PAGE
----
Throughout my academic career, I have been excited about synthesizing biologically active molecules and their application. I obtained my doctorate degree from the Leibniz University in Hannover under the guidance of Prof. Tanja Gaich, specializing in the total synthesis of natural products. Subsequently, I was a postdoctoral fellow with Prof. Paul Kosma at the University of Natural Resources and Life Sciences Vienna (BOKU Wien) where I worked in the field of synthetic carbohydrate chemistry. Upon receiving an Erwin Schrödinger fellowship I went on to work with Prof. Richmond Sarpong at UC Berkeley, where I synthesized complex molecules and developed new synthetic methods towards medically relevant molecular structures.
My research is focused on carbohydrates and how they interact with regulatory pathways of the human body.
Send me an email in case there are questions, you would like to collaborate or want to work in the lab with me: philipp.gritsch (at) tuwien.ac.at
List publications: https://orcid.org/0000-0002-6743-9814
As a scientist I am interested in the interplay of molecules and organisms and how recognition events can influence regulatory pathways. Especially the world of parasites and the molecules they use to interact with the human body is of particular interest to me. In this regard, I have initiated a research project that focuses on sugars (or carbohydrates) and their role in the immune system.
The surface of all cells, whether bacterial, plant or animal, are covered in complex sugar containing structures. There they are involved in a range of biological processes including cell-cell communication, pathogen recognition and cell-protein interaction. Examples of the building blocks of these structures which are called ‘glycans’, are the nonulosonic acids (NulO), a group of sugars that include the sialic or neuraminic acids (Neu). They are the only nine-carbon sugars found in prokaryotes and vertebrate animals; as terminal ‘charged’ modifications of glycans, they are often involved in host-pathogen interfaces, including viral infections, as well as in recognition and regulatory events.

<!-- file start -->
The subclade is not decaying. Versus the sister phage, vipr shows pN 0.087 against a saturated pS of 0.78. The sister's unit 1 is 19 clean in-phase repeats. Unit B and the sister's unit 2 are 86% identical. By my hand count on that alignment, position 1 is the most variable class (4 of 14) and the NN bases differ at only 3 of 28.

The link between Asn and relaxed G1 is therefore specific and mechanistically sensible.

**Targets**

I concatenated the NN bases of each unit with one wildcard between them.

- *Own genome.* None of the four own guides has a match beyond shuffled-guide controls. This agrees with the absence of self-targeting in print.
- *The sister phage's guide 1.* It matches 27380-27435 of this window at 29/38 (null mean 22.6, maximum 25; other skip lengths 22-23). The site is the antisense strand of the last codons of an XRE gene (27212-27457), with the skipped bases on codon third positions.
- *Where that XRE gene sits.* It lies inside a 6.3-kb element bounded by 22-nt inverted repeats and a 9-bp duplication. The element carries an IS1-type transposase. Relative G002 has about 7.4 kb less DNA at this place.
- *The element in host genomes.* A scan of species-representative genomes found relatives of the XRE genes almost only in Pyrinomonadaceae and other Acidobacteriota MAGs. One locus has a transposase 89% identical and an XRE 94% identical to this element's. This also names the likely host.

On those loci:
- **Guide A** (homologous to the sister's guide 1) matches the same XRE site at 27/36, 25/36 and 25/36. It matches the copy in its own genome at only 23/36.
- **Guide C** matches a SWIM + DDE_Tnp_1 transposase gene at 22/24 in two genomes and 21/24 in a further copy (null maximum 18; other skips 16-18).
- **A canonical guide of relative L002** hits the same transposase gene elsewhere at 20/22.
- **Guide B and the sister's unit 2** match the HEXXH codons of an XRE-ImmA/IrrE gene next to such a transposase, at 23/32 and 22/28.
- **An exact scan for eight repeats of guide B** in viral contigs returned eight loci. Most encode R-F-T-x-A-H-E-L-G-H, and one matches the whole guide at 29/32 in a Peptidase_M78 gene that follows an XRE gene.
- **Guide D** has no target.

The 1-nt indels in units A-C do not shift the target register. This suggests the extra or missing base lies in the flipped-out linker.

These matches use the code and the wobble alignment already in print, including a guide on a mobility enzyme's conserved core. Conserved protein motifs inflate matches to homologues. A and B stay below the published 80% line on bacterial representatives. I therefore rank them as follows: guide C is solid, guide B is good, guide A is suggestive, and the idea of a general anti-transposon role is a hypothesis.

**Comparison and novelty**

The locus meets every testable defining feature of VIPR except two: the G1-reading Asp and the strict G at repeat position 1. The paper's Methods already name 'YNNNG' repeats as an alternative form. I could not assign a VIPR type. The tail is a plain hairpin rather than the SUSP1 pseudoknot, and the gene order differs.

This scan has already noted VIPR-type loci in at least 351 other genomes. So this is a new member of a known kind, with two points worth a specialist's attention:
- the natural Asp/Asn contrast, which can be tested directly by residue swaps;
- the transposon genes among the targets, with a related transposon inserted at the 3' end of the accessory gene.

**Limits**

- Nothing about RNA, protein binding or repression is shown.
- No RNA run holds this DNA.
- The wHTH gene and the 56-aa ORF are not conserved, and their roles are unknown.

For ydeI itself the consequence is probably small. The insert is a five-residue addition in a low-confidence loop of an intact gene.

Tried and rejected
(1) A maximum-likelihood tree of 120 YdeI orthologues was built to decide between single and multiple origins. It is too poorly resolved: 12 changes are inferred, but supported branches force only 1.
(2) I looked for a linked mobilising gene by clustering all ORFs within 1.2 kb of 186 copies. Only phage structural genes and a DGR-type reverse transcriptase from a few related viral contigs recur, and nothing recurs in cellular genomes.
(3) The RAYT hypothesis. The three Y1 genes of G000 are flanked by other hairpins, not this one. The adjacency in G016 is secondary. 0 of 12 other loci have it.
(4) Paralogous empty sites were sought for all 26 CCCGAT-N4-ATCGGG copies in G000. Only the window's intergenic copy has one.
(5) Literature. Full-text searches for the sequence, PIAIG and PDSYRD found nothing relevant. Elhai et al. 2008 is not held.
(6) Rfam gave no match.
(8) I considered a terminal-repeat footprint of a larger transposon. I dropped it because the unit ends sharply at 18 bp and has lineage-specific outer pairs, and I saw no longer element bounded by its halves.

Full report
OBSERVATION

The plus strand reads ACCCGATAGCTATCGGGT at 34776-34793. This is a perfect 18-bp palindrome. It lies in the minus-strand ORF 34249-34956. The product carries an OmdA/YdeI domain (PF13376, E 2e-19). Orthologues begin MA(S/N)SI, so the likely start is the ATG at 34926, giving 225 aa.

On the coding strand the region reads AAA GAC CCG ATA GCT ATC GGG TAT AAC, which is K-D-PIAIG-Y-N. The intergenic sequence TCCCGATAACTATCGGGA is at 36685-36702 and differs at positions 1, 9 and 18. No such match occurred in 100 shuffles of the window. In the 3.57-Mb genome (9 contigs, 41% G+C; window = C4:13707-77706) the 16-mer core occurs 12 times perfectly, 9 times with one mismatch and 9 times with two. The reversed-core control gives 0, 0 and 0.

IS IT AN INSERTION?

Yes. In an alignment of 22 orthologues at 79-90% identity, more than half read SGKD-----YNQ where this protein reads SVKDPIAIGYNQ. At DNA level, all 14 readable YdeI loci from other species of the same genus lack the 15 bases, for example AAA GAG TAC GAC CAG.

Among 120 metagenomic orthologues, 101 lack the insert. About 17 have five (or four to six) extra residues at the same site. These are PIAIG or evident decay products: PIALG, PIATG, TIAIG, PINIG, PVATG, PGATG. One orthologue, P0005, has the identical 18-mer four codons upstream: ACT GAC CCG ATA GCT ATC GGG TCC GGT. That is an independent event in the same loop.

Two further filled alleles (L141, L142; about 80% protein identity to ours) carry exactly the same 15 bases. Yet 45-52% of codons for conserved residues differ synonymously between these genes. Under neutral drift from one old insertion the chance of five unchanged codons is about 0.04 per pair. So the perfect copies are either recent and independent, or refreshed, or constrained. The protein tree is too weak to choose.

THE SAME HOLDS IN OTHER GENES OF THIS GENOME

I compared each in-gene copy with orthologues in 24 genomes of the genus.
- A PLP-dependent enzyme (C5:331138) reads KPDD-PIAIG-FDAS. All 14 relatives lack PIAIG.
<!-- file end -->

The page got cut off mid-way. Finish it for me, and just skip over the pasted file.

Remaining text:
Whereas human and other animals display only a few substituents of Neu such as acetyl (Ac) or glycolyl (Gc) moieties, bacterial pathogens have a wider range of NulOs, including uniquely bacterial forms such as Legionanimic acid (Leg) and Pseudaminic acid (Pse).
Bacterial NulOs may help pathogens evade the human immune system due to molecular mimickry of Neu. Indeed, a number of multi antibotic-resistant bacteria display NulOs on their glycans, such as Campylobacter jejuni and Helicobacter pylori, Tannerella forsythia, Acinetobacter baumannii and Enterobacter species. For these micro-organisms, Pse and Leg are are instrumental for their pathogenicity, however, only few reports detail the exact molecular interaction between mammalian immuine pathways and bacterial NulOs.
This research focuses on the synthesis of NulOs to advance biological research which has been hampered by lack of sufficient material. This project proceeds in collaboration with Prof. Christina Schäffer from BOKU Wien and has already yielded new synthetic methodologies and will detail on a molecular level how pathogens use nonulosonic acids to aid in infiltrating and survival in the human body.